Without a leader, North Korean forces would face a severe blow to their morale as well as their command structure, but it wouldn’t end the fight.

“Technically North Korea is under the rule of their ‘forever leader’ Kim Il Sung,” Tack said, adding that “a decapitation strike wouldn’t guarantee that the structures below him wouldn’t fall apart, but it would be a damn tricky problem for those that remain after him.”

North Koreans aren’t shy about putting their leader first, however, and at the first indication of an attack, Kim would most likely be tucked away in a bunker deep underground during the attack.


Then the US defends.

 

“If North Korea doesn’t retaliate, they’ve lost capability and look weak,” Tack said.

Indeed, few would expect North Korea to go quietly after suffering even a crippling attack.

Through massive tunnels bored under the DMZ, North Korea would try to pour ground troops into the South.

“The ground-warfare element is a big part of this,” Tack said. “I think that the most likely way that would play out would be the fight in the DMZ area,” where the US would not try to invade North Korea but rather would defend its position in the South.

Though North Korea’s air force is small and outdated, it jets would need to be a target of the US and allied forces.


Meanwhile …

 

US special operations forces, after North Korea’s air defenses have been destroyed, would parachute in with the goal of destroying or deactivating mobile launchers and other offensive equipment.

The US would face a big challenge in trying to hunt down some 200 missile launchers throughout North Korea, some of which have treads to enter very difficult terrain where US recon planes would struggle to spot them.

It would be the work of US special forces to establish themselves at key logistical junctures, observe the North Koreans’ movements, and then relay that to US air assets.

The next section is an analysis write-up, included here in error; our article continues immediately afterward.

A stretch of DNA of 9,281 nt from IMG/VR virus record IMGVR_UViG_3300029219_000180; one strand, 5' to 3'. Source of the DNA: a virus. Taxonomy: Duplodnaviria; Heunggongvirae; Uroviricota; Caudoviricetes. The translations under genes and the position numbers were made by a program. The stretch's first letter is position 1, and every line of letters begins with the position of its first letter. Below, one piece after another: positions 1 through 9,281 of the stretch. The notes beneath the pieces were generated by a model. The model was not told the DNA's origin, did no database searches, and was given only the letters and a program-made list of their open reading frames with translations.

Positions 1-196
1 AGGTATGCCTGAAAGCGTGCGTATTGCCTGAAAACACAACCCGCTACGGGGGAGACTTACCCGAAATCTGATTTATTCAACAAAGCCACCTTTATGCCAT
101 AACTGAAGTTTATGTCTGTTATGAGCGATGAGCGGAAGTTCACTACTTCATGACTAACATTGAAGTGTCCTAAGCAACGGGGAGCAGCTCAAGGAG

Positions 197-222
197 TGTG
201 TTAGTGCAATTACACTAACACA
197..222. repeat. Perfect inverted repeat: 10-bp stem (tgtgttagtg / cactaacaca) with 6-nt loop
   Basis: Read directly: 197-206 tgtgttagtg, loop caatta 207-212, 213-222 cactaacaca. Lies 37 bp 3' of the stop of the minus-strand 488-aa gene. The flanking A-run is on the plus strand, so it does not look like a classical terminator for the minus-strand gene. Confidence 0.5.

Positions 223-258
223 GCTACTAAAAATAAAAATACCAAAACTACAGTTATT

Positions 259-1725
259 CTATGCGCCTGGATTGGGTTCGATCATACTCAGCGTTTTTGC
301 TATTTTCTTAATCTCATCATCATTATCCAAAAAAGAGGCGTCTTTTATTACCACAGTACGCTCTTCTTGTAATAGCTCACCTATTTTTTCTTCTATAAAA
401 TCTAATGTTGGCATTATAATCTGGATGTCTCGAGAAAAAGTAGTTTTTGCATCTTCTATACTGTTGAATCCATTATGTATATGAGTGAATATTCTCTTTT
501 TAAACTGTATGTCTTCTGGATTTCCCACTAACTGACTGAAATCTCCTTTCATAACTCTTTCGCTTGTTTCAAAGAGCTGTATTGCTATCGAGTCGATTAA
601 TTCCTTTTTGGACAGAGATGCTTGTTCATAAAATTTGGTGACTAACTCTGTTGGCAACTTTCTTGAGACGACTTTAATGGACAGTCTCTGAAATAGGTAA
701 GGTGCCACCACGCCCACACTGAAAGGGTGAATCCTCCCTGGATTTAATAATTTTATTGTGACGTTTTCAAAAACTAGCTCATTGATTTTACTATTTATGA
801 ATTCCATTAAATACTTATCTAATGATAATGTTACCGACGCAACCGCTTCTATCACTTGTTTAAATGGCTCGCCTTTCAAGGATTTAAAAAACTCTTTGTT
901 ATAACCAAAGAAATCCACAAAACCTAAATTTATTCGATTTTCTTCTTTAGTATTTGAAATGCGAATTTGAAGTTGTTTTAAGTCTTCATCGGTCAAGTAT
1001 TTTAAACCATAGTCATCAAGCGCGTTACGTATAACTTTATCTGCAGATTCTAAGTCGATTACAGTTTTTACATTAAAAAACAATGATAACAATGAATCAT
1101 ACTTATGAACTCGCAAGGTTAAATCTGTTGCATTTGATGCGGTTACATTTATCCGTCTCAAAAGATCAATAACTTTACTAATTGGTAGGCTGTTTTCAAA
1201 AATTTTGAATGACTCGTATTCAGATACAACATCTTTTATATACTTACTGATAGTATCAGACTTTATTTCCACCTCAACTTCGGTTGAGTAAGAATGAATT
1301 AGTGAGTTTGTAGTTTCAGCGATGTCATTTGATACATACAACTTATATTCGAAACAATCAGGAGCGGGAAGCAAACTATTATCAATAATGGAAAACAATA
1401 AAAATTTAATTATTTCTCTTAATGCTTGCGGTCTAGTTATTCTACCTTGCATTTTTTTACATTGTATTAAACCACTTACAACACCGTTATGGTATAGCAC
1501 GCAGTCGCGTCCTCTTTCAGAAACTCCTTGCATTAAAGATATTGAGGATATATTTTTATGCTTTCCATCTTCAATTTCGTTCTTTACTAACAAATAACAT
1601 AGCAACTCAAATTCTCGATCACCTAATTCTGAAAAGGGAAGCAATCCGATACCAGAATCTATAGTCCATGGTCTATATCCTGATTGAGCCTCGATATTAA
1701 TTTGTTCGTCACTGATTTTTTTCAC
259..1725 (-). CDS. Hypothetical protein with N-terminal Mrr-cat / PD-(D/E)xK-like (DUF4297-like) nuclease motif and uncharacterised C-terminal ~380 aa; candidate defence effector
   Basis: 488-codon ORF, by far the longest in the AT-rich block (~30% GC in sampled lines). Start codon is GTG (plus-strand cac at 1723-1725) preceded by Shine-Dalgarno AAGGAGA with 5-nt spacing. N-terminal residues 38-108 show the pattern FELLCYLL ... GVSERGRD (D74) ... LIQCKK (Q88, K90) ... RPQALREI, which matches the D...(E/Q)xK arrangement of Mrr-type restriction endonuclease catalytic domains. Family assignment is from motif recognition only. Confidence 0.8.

So how does this all end?

 

North Korea is neither a house of cards nor an impenetrable fortress.

Additionally, the resolve of the North Koreans remains a mystery. North Korea successfully estimated that the international community would be unwilling to intervene as it quietly became a nuclear power, but that calculation could become its undoing.

North Korea would most likely launch cyberattacks, possibly shutting down parts of the US or allies’ power grids, but US Cyber Command would prepare for that.

North Korea would most likely destroy some US military installations, lay waste to some small portion of Seoul, and get a handful of missiles fired – but again, US and allied planners would stand ready for that.

In the end, it would be a brutal, bloody conflict, but Tack said even the propaganda-saturated North Koreans must be aware of their disadvantages.

Even after a devastating missile attack, some of North Korea’s nuclear stockpile would most likely remain hidden. Some element of the remaining North Korean forces could stage a retaliation, but what would be the point?

“If they chose to go the route of conducting a large-scale retaliation, they’re inviting a continuation of the conflict that eventually they cannot win … Nobody in this whole game is going to believe that North Korea can win a war against the US, South Korea, and Japan,” Tack concluded.